Suppose \(c_1 \cdot (1, 0) + c_2 \cdot (0, 1) = \vec{0} = (0, 0)\). Then \((c_1, c_2) = (0, 0)\). Hence \(c_1 = c_2 = 0\). So \(S\) is linearly independent.

  1. Span

The fact that \(Span(S) \subset V\) is clear. So it is enough to show that \(V \subset Span(S)\). Take \(v \in V = (x, y)\). It can be rewritten in terms of a linear combination of \(S\): \(v = x \cdot (1, 0) + y \cdot (0, 1) \in Span(S)\).

Hence, \(S\) is a basis for \(\mathbb{R}^2.\)

Fundamentals of Lattice Theory

Definition and Properties

Definition: Let \(v_1, v_2, ..., v_n \in \mathbb{R}^m\) be a set of linearly independent vectors. The lattice \(L\), generated by these vectors, is the set of integer linear combinations of these basis vectors \(v_1, v_2, ..., v_n.\) That is,

$$L = \{ a_1v_1 \ + ... + \ a_nv_n \ | \ a_i \in \mathbb{Z} \ \forall i \}.$$


  • The integers \(m\) and \(n\) are the dimension and the rank of the lattice, respectively.

  • If \(m = n\), then \(L\) is called a full-rank lattice.

  • Notice that \((L, +) < (\mathbb{Z}^n, +)\) and \((L, +) \cong (\mathbb{Z}^n, +).\)

  • If the coordinates are also integers, then we call them integer lattices, or integral lattices.

Definition: A matrix \(A \in \mathbb{Z}^{n \times n}\) is unimodular if it has a multiplicative inverse in \(\mathbb{Z}^{n \times n}.\)

Definition: If \(B\) and \(B'\) are two basis matrices, then

$$L(B) = L(B')$$

if and only if

$$B' = AB$$

for some unimodular matrix \(A\).

Determinant & Volume

Definition: Let \(L\) be an \(n\)-dimensional lattice with a basis \(\{v_1, v_2, ..., v_n \}.\) Then the fundamental domain of \(L\) is

$$F(v_1, ..., v_n) = \{ t_1v_1 + \ ... \ t_nv_n \ | \ t_i \in [0, 1) \}.$$

Definition: Let \(L\) be an \(n\)-dimensional lattice with a fundamental domain \(F\). Then the \(n\)-dimensional volume of \(F\) is called the determinant of \(L\), denoted by


Proposition: If \(L\) is an \(n\)-dimensional full-rank lattice with a basis \(B = \{ v_1, ..., v_n \}\) and an associated fundamental domain \(F\), then the volume of \(F\) is equal to the absolute value of determinant of the basis. That is,

$$det(L) = Vol(F) = |det(B)|.$$


The Shortest Vector Problem

Definition: Given a lattice \(L\), the length of the shortest non-zero vector in \(L\) which is also the minimum distance between any two lattice vectors is defined as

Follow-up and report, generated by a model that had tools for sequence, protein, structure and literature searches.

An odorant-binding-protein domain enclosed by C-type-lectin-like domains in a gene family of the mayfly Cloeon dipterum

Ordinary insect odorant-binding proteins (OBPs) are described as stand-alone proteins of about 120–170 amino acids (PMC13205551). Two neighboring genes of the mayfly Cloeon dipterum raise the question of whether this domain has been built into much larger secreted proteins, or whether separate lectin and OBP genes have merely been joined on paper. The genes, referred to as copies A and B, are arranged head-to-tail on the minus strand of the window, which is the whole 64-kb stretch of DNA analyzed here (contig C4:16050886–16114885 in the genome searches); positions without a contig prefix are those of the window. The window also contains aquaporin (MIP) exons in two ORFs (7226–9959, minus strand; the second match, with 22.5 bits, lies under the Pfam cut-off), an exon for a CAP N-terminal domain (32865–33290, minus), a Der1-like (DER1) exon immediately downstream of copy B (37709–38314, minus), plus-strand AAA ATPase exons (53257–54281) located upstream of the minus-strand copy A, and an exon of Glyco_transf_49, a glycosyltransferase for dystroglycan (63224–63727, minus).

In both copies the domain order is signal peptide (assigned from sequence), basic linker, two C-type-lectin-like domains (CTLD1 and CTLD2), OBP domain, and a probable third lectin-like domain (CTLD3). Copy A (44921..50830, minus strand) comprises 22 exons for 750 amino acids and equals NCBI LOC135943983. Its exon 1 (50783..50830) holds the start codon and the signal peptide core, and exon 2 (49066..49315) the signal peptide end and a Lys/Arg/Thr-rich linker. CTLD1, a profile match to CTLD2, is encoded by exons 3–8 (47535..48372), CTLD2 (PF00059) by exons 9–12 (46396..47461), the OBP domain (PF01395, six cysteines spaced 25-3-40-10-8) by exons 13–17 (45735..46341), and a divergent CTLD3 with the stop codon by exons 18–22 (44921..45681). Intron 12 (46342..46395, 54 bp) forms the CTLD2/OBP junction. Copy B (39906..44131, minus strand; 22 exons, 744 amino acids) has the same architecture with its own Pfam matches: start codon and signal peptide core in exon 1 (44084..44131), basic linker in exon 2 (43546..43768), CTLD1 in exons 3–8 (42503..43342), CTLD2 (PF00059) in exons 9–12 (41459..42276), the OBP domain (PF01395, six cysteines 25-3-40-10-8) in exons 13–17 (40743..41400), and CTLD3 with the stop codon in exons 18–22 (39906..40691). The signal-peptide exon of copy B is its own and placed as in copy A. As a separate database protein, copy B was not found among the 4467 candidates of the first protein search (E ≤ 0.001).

$$\lambda_1(L) = min \{ ||v|| \ | \ v \in L - \{0\} \}$$

$$ \lambda_1(L) = min{ ||x - y|| \ | \ x, y \in L; x \neq y }.$$

The difficulty of SVP lies in the fact that when the dimension increases, it gets exponentially more difficult to find the shortest vector in a lattice.

The Closest Vector Problem

Definition: Given \(B\) and a target vector \(t\) that is not in the lattice \(L(B)\), find a vector in \(L(B)\) that is closest to \(t\), i.e., find a vector \(v \in L(B)\) such that \(\forall w \in L(B)\) it satisfies

$$||v - t|| = ||w - t||.$$

Similar to the SVP, the closest vector problem gets also extremely difficult as the number of dimension gets higher.


In this first post of our series on fully homomorphic encryption, we've discussed the foundational knowledge necessary for understanding the world of lattice-based cryptography. Starting with the essentials of linear algebra, we explored the concepts of vector spaces and bases, which are crucial for grasping the underlying principles of lattice theory.

We then delved into the fundamentals of lattice theory itself, discussing its definition, properties, and the significance of determinants and volume in the context of lattices. Additionally, we introduced two pivotal problems in lattice theory: the Shortest Vector Problem (SVP) and the Closest Vector Problem (CVP), highlighting their computational challenges and importance in cryptography.

I'm aiming to make this series as pedagogical as possible for anyone with a technical background. Stay tuned for the next post where we will be discussing Learning with Errors (LWE) problem.

Image Reference